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New York Rejects Bids to Renegotiate Offshore Wind Contracts

The New York State Public Service Commission has denied petitions filed by a group of offshore wind developers and a state renewable energy trade association seeking financial relief for four proposed offshore wind projects and 86 land-based renewable projects.

The petitions denied were submitted by Empire Offshore Wind LLC and Beacon Wind LLC, Sunrise Wind LLC, and the Alliance for Clean Energy New York, Inc. (ACENY).

In denying financial relief, the Commission said it opted to preserve the robust competitive bidding process that provides critically needed renewable energy resources to New York in the fairest and most cost-effective manner that protects consumers.

”The requested amendments to the contracts would have provided adjustments outside of the competitive procurement process; such relief is fundamentally inconsistent with long-standing Commission policy,” said Commission Chair Rory M. Christian.

”The Commission has repeatedly stated that competition in the procurement process is necessary to protect ratepayers and provides the soundest approach to mobilize the industry to achieve our critical State goals dependably and cost-effectively, and we do so again through today’s action.”

The petitions were seeking adjustments to Renewable Energy Credit (REC) and Offshore Wind REC (OREC) purchase and sales agreements entered with NYSERDA to address recent inflationary pressures that are impacting project economics.

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The Commission found that the contract amendments sought by the Empire/Beacon, Sunrise, and ACENY petitions were not in the best interest of the State’s ratepayers.

On a monthly bill basis, granting the request to amend the executed contracts outside the competitive procurement process would have resulted in as high as 6.7 per cent increases for residential customers and as high as 10.5 per cent for commercial or industrial customers on monthly bills depending on service territory and the level of relief provided — above what was already committed, the Commission said.

In its decision, the Commission said that it remains fully supportive of the Climate Leadership and Community Protection Act, which codifies decarbonization requirements for various sectors of the economy and adopts ambitious renewable energy deployment targets, and will continue to adhere to Climate Act requirements in a manner that preserves competitive procurement processes and ensures utility rates are just and reasonable.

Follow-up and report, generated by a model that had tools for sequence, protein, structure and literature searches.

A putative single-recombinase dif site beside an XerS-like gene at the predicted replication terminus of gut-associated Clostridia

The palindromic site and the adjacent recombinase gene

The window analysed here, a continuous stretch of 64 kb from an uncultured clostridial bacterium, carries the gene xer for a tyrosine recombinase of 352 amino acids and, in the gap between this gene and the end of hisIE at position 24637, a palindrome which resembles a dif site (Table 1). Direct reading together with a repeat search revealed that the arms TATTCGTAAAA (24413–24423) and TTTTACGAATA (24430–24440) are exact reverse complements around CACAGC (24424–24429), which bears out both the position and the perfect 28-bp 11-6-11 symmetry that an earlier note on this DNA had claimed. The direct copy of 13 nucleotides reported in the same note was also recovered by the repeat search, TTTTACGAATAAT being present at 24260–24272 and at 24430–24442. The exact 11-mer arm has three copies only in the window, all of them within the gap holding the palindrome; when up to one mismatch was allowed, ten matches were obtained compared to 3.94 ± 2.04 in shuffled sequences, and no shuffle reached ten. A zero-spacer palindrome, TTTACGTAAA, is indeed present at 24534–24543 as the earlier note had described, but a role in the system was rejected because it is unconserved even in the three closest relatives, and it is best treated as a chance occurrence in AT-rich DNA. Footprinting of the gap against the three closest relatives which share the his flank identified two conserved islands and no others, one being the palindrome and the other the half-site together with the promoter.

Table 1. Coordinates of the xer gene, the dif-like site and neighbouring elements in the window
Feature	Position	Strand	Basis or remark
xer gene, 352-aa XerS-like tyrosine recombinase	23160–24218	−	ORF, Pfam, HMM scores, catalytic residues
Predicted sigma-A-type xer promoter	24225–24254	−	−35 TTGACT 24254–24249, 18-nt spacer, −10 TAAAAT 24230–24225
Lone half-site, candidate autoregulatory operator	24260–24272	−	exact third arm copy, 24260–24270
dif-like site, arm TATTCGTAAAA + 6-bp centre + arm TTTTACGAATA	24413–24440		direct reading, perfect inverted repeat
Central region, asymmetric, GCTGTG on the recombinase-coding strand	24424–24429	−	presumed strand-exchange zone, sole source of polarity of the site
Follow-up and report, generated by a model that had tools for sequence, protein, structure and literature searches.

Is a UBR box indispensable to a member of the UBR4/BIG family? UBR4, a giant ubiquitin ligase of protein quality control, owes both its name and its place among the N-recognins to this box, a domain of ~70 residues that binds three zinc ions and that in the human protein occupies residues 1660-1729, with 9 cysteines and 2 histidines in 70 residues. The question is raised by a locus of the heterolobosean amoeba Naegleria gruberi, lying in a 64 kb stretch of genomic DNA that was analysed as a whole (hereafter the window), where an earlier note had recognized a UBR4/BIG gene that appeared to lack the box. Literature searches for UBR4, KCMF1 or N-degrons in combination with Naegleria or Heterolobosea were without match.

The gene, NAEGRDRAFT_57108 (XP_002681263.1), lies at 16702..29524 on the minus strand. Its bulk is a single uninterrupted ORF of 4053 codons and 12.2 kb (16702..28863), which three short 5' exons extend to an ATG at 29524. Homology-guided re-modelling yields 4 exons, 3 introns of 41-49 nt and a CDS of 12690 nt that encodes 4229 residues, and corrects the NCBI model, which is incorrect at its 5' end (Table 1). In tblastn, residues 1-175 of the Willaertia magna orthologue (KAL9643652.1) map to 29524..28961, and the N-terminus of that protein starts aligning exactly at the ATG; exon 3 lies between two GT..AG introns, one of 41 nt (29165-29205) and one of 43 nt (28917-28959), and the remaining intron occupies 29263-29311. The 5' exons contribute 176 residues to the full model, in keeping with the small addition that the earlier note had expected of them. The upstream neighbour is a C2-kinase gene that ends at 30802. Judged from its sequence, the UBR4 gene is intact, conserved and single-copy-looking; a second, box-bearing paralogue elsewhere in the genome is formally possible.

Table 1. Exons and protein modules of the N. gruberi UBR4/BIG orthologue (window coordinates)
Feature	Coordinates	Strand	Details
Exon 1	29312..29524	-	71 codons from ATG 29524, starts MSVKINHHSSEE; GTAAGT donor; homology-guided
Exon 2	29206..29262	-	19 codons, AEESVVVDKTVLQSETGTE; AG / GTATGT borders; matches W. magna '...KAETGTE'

The Commission said that the decision reaffirms that competitive procurement is the best, most efficient way to help New York reach its goal of having at least 70 per cent of electric load served by renewable energy by 2030, development of 9,000 MW of offshore wind energy by 2035 and meeting statewide demand with zero emissions resources by 2040.

All three petitions requested an order from the Commission that would have directed NYSERDA to incorporate an adjustment mechanism into existing REC and OREC purchase and sales agreements to account for inflation and other economic impacts cited by the developers.

The petitions drew significant comments from stakeholders both supporting and opposing granting financial relief. Supporters pointed to the State’s clean energy goals and argued that relief is needed to stay on track toward achieving those goals. Opponents generally expressed concern with the increase in prices that will be borne by ratepayers and the disruption of the competitive process that was used to award these projects.

The petitions generally stated that the effects of the COVID-19 pandemic have exposed the projects to unprecedented global and regional supply chain bottlenecks, high inflation, and increases in the cost of capital, driven by rising interest rates. Further, the petitions identified impacts associated with the war in Ukraine, including increased demand for renewable energy and resulting shortages and price increases for key components and equipment.

The offshore developers requested enhanced terms in their offshore renewable energy credit (OREC) contracts that would adjust for inflation, and also include interconnection cost adjustment, with the joint venture between Equinor and BP also requesting an extension of the contract by five years for the 810 MW  Empire Wind 1 offshore wind farm (from 25 to 30 years).


In their petitions, the developers said that without price adjustments their offshore wind projects might not be able to move forward, with Ørsted and Eversource saying that without this intervention “it would not be able to obtain a final investment decision (FID) allowing it to fully construct the Project” and the Equinor-BP joint venture noting that price adjustments would “restore the Projects’ ability to attract the capital required for them to move forward”.


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